The Netherlands, U.S. Have Highest Depression Rates in World

The Netherlands, U.S. Have Highest Depression Rates in World

The Netherlands regularly ranks among the world’s happiest nations, but a new study reveals that major depression is on the rise.

More people reported being depressed in the Netherlands than anywhere in the world, according to interviews of more than 69,000 people in 18 different countries.

The study, sponsored by the World Health Organization, found that 21 percent of people in France and 19.2 percent of people in the U.S. and 17,9 percent in the Netherlands reported having an extended period of depression within their lifetime. On average, 15 percent of people in high-income countries reported having an episode, compared with 11 percent in low-income countries, according to the study, published July 25 in the journal BMC Medicine.

Depression affects nearly 121 million people worldwide and is the second leading contributor to shorter lifespan and poor health for individuals 15-44 years of age, according to the Geneva-based WHO. The higher percentage of depression reported by people in wealthier countries may reflect differences in societal expectations for a good life, said study co-author Ronald Kessler.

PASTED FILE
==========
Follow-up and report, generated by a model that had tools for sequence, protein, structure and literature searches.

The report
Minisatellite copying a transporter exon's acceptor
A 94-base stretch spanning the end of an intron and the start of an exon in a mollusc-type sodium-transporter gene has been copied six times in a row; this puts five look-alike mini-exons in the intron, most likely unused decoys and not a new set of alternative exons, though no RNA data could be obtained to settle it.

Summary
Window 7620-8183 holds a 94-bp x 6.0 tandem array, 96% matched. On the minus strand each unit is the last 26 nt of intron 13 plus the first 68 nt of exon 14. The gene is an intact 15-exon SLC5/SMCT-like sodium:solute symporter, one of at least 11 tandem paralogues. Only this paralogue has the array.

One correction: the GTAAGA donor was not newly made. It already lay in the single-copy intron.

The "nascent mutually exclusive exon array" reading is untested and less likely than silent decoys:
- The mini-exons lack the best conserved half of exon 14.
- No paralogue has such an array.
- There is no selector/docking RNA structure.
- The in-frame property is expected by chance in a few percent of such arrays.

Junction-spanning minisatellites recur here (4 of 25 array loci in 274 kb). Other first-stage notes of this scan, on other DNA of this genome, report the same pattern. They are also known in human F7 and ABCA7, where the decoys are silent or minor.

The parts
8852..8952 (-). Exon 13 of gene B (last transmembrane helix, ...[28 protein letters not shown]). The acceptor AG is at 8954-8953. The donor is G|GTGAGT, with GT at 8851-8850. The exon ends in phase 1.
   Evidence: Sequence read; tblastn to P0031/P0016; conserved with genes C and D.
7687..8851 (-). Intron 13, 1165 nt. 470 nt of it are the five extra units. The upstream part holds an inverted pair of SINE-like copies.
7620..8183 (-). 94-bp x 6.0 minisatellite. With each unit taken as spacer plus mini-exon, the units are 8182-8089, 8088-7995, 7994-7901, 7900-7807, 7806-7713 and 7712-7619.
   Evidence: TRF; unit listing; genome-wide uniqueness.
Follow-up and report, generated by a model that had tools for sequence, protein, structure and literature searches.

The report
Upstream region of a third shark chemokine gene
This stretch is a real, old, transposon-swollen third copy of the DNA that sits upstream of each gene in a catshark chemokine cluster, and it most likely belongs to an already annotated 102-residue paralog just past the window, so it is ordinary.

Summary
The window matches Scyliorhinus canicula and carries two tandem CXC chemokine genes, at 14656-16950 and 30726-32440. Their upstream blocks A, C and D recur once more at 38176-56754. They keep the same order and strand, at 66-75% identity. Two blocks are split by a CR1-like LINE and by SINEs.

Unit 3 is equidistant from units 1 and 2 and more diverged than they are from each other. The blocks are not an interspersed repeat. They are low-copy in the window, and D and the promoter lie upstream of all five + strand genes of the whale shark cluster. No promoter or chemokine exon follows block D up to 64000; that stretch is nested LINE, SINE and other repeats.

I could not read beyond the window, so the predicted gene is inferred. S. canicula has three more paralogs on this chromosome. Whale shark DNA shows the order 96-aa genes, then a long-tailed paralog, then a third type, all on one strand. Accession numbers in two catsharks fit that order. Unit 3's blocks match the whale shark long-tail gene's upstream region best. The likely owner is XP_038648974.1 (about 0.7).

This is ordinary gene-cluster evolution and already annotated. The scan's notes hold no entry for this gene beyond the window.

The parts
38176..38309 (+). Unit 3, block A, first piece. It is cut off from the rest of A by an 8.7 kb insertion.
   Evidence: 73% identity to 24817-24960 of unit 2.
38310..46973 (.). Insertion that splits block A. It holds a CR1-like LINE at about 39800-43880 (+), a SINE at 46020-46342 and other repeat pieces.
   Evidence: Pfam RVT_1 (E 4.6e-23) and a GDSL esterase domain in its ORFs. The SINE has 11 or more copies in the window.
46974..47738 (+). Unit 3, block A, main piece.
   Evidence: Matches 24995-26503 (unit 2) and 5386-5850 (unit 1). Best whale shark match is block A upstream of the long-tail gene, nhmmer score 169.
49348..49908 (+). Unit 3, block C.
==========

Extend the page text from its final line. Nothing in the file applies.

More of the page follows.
“There are a lot of people in the U.S. who say they aren’t satisfied with their lives,” Kessler, a professor of health care policy at Harvard Medical School in Boston, Massachusetts, said in an interview. “U.S. expectations know no bounds and people in other countries are just happy to have a meal on the table.”

The disease is the third-largest contributor to lowered productivity in the workplace, Kessler said.

Major depression is a serious, recurrent disorder linked to diminished role functioning and quality of life, medical morbidity, and mortality. The World Health Organization ranks depression as the fourth leading cause of disability worldwide, and projects that by 2020, it will be the second leading cause. Although direct information on the prevalence of depression does not exist for most countries, the available data indicate wide variability in the prevalence rates.

Researchers took into account both clinical depression, a biological condition that leads to low self-esteem and loss of interest in otherwise enjoyable activities, and types of mild depression, which can be situational or caused by environmental influences. The latter was likely the cause of higher rates in the Netherlands, U.S. and France

The report also found that women were twice as likely to experience depression, and the strongest link to depression was separation or divorce from a partner.

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